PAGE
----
Anyway, what I mean, what I feel strongly is, that whether or not we actively choose this path, families who find themselves with a disabled child should not be made to feel that it is a life sentence. Yes, we need support, of many kinds. But we also need to be seen as a part of society, not as second-class citizens. People shouldn’t be crossing the street because they don’t know how to look at us or talk to us. Politicians should not be avoiding the issue. Humanity is simply a continuum of ability, after all.

I take Benjamin to two wonderful groups that I am lucky enough to have nearby. One is a small playgroup for special needs children, where the kids get to do developmentally-appropriate activities and the parents get to support one another, share information and swap tips. It’s invaluable. The other is a sensory and communication class, for neurotypical children, but run by a lady who is open-minded enough to let us join in, and even to let us stay way beyond the normal age if it is still proving beneficial to Benjamin. Although in some ways it’s hard to watch the other children grow, develop and move on, I’m sure this class also is mutually beneficial. The “normal” kids get to learn, from an early age, that disability is normal. And we, at least for an hour or so, get to feel part of the real world.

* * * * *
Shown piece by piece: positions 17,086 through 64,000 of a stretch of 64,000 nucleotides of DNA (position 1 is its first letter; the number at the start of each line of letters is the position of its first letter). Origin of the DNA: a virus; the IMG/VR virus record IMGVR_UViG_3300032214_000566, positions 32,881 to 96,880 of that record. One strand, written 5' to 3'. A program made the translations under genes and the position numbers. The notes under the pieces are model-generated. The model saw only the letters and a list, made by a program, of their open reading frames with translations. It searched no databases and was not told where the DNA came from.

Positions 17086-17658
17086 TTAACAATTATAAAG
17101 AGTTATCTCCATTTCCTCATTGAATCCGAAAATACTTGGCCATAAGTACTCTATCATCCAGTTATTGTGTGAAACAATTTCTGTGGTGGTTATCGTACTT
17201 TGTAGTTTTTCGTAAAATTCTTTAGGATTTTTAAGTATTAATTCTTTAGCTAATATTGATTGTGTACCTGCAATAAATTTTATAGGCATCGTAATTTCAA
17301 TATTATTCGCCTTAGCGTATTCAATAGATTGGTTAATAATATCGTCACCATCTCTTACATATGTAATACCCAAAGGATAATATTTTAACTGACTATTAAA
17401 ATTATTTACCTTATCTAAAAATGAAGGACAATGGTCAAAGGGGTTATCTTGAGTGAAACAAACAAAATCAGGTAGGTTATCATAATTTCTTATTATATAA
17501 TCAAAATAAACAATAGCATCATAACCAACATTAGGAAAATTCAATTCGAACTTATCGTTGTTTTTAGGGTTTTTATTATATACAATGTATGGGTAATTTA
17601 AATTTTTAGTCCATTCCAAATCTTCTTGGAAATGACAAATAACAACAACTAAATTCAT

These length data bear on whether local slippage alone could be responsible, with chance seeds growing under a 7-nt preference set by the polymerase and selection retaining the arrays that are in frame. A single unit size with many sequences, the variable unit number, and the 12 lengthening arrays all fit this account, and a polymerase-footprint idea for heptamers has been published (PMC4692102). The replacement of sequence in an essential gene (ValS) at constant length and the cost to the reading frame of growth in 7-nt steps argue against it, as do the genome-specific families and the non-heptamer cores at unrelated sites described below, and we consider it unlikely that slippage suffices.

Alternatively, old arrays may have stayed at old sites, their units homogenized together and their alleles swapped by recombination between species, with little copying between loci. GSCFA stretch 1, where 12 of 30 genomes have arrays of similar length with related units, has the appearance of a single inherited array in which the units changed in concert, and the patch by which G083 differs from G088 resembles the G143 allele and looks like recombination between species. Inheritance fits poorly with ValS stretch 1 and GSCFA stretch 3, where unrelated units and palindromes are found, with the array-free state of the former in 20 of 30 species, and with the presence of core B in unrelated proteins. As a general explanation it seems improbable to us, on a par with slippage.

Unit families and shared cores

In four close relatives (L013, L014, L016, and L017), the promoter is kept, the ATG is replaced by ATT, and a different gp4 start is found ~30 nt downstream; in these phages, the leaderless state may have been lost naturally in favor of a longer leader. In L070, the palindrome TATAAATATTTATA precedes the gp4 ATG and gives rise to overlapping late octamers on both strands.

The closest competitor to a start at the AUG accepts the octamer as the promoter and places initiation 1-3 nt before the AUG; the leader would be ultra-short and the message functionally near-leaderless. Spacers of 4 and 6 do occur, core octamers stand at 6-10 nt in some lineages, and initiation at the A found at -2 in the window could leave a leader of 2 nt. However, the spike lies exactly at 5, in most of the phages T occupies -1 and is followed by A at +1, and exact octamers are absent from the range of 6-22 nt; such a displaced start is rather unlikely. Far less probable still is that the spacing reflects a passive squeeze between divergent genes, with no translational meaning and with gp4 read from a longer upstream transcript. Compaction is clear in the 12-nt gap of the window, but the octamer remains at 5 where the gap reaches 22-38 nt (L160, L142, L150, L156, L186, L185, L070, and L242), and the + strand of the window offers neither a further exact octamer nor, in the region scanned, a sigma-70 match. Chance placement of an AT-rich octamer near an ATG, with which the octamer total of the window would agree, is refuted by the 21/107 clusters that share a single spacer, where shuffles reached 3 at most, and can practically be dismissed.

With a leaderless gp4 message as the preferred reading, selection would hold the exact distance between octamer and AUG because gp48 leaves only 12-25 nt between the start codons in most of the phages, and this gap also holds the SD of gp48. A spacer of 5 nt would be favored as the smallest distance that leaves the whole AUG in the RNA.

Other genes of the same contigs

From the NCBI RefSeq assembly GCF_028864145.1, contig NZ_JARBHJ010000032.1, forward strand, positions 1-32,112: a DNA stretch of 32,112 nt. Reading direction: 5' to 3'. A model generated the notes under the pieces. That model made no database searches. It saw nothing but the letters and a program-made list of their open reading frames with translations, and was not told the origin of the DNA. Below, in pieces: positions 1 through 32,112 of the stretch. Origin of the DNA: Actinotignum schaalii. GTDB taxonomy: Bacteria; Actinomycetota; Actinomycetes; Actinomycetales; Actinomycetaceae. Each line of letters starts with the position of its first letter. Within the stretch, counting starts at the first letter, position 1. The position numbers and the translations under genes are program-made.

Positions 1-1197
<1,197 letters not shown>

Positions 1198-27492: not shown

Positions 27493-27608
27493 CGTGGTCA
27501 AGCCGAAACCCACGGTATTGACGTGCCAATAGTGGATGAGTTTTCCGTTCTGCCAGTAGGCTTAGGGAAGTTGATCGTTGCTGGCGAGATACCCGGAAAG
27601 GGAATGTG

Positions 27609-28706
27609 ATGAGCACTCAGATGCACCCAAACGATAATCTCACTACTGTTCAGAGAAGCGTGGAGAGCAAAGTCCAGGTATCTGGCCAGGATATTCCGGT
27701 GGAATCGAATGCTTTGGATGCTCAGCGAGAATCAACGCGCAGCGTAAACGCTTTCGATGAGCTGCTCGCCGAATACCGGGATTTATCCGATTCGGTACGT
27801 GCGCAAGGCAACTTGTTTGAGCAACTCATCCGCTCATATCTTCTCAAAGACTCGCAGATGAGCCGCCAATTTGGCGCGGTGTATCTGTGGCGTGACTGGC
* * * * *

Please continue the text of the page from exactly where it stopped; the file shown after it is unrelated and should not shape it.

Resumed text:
I guess I’m not really straying very far from my roots. I was brought up to believe that society should care for and protect those who can’t care for themselves, whether that’s a disabled person, an unborn baby, the elderly or the sick, and whether that care is provided through formal laws and taxes, charities, or simple community spirit. I’m not au fait with the economics, the laws, or the politics, but I do know that attitudes have got to change. It’s not only about accessibility; it’s also about acceptance, as a normal part of society, in which everyone cares for each other. I’m not saying I’m going to turn into an activist overnight, but I am going to start asking any policy-makers and opinion-makers I might meet, how they intend to achieve that.